35. Naas T, Coignard B, Carbonne A, Blanckaert K, Bajolet O, Bernet C, et al. VEB-1 extended-spectrum β-lactamase-producing Acinetobacter baumannii, France. Emerg Infect Dis. 2006;12(8):1214–22.

    CAS  PubMed Central  PubMed  Google Scholar 

  36. Adams-Haduch JM, Paterson DL, Sidjabat HE, Pasculle AW, Potoski BA, Muto CA, et al. Genetic basis of multidrug resistance in Acinetobacter baumannii clinical isolates at a tertiary medical center in Pennsylvania. Antimicrob Agents Chemother. 2008;52(11):3837–43.

    CAS  PubMed Central  PubMed  Google Scholar 

  37. Rumbo C, Gato E, Lopez M, Ruiz de Alegria C, Fernandez-Cuenca F, Martinez-Martinez L, et al. Contribution of efflux pumps, porins, and β-lactamases to multidrug resistance in clinical isolates of Acinetobacter baumannii. Antimicrob Agents Chemother. 2013;57(11):5247–57.

  38. Heritier C, Poirel L, Lambert T, Nordmann P. Contribution of acquired carbapenem-hydrolyzing oxacillinases to carbapenem resistance in Acinetobacter baumannii. Antimicrob Agents Chemother. 2005;49(8):3198–202.

    CAS  PubMed Central  PubMed  Google Scholar 

  39. Turton JF, Ward ME, Woodford N, Kaufmann ME, Pike R, Livermore DM, et al. The role of ISAba1 in expression of OXA carbapenemase genes in Acinetobacter baumannii. FEMS Microbiol Lett. 2006;258(1):72–7.

    CAS  PubMed  Google Scholar 

  40. Figueiredo S, Poirel L, Papa A, Koulourida V, Nordmann P. Overexpression of the naturally occurring bla OXA-51 gene in Acinetobacter baumannii mediated by novel insertion sequence ISAba9. Antimicrob Agents Chemother. 2009;53(9):4045–7.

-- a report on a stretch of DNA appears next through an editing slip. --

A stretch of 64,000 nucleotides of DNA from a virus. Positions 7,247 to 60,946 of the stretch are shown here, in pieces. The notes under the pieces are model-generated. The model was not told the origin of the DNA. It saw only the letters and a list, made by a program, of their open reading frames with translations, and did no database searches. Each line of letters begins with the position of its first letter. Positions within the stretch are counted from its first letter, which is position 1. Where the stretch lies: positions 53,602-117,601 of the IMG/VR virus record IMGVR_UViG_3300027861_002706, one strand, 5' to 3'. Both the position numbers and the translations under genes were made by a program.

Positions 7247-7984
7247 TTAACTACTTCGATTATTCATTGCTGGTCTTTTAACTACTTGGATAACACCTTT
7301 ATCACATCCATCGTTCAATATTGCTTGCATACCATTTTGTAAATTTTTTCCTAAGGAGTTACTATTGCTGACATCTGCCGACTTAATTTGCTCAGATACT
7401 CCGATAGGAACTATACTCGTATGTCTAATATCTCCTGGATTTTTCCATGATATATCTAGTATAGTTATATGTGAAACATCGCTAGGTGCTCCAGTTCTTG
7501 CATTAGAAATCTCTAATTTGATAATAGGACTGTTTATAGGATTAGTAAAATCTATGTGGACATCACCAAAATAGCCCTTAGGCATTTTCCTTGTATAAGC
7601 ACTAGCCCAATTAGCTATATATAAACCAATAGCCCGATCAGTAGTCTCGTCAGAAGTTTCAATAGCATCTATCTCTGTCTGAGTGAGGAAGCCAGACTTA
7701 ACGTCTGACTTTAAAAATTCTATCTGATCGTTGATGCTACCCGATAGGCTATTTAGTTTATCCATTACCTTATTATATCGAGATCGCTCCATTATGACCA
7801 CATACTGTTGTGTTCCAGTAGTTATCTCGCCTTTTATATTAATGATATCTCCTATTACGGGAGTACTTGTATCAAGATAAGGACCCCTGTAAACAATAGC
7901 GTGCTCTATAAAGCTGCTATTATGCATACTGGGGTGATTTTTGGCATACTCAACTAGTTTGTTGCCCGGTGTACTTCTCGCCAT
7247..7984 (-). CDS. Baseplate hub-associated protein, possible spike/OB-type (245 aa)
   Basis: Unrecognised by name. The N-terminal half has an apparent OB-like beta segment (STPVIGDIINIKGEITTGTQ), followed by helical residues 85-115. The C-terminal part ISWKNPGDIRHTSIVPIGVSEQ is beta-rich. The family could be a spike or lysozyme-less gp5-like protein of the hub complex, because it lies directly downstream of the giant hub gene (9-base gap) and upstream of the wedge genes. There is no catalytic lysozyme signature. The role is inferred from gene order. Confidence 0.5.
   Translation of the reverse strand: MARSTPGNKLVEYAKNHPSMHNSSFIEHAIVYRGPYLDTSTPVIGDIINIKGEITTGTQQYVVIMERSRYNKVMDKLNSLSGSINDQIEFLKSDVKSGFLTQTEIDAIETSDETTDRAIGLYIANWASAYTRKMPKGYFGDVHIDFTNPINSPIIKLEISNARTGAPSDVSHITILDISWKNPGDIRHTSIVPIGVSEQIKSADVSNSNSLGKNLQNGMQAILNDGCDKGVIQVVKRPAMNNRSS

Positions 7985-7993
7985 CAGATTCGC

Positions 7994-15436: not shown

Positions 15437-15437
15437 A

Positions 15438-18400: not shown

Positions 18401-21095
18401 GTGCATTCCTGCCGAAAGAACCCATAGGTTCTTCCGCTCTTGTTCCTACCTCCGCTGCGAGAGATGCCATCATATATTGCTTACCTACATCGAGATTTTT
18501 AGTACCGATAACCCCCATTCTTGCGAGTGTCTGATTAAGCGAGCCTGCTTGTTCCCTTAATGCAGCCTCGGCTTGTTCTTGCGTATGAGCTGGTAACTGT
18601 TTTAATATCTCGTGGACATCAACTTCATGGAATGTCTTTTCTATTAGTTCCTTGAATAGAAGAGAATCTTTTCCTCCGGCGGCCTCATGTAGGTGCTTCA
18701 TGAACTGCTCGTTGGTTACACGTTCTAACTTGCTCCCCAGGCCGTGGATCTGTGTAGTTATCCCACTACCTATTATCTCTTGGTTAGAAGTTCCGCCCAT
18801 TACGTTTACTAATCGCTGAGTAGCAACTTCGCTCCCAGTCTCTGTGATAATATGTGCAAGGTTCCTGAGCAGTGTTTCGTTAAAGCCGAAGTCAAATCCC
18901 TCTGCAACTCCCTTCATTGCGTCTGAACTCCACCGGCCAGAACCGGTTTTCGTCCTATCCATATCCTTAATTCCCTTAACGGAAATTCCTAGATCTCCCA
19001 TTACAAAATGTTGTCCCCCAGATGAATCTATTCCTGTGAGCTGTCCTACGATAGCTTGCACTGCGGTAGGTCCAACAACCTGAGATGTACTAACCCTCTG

CAS  PubMed Central  PubMed  Google Scholar 

  41. Higgins PG, Perez-Llarena FJ, Zander E, Fernandez A, Bou G, Seifert H. OXA-235, a novel class D β-lactamase involved in resistance to carbapenems in Acinetobacter baumannii. Antimicrob Agents Chemother. 2013;57(5):2121–6.

    CAS  PubMed Central  PubMed  Google Scholar 

  42. Mugnier PD, Poirel L, Naas T, Nordmann P. Worldwide dissemination of the bla OXA-23 carbapenemase gene of Acinetobacter baumannii. Emerg Infect Dis. 2010;16(1):35–40.

    CAS  PubMed Central  PubMed  Google Scholar 

  43. Chen Y, Zhou Z, Jiang Y, Yu Y. Emergence of NDM-1-producing Acinetobacter baumannii in China. J Antimicrob Chemother. 2011;66(6):1255–9.

    CAS  PubMed  Google Scholar 

  44. Decousser JW, Jansen C, Nordmann P, Emirian A, Bonnin RA, Anais L, et al. Outbreak of NDM-1-producing Acinetobacter baumannii in France, January to May 2013. Euro Surveill. 2013;18(31):1–4.

  45. Tsakris A, Ikonomidis A, Pournaras S, Tzouvelekis LS, Sofianou D, Legakis NJ, et al. VIM-1 metallo-β-lactamase in Acinetobacter baumannii. Emerg Infect Dis. 2006;12(6):981–3.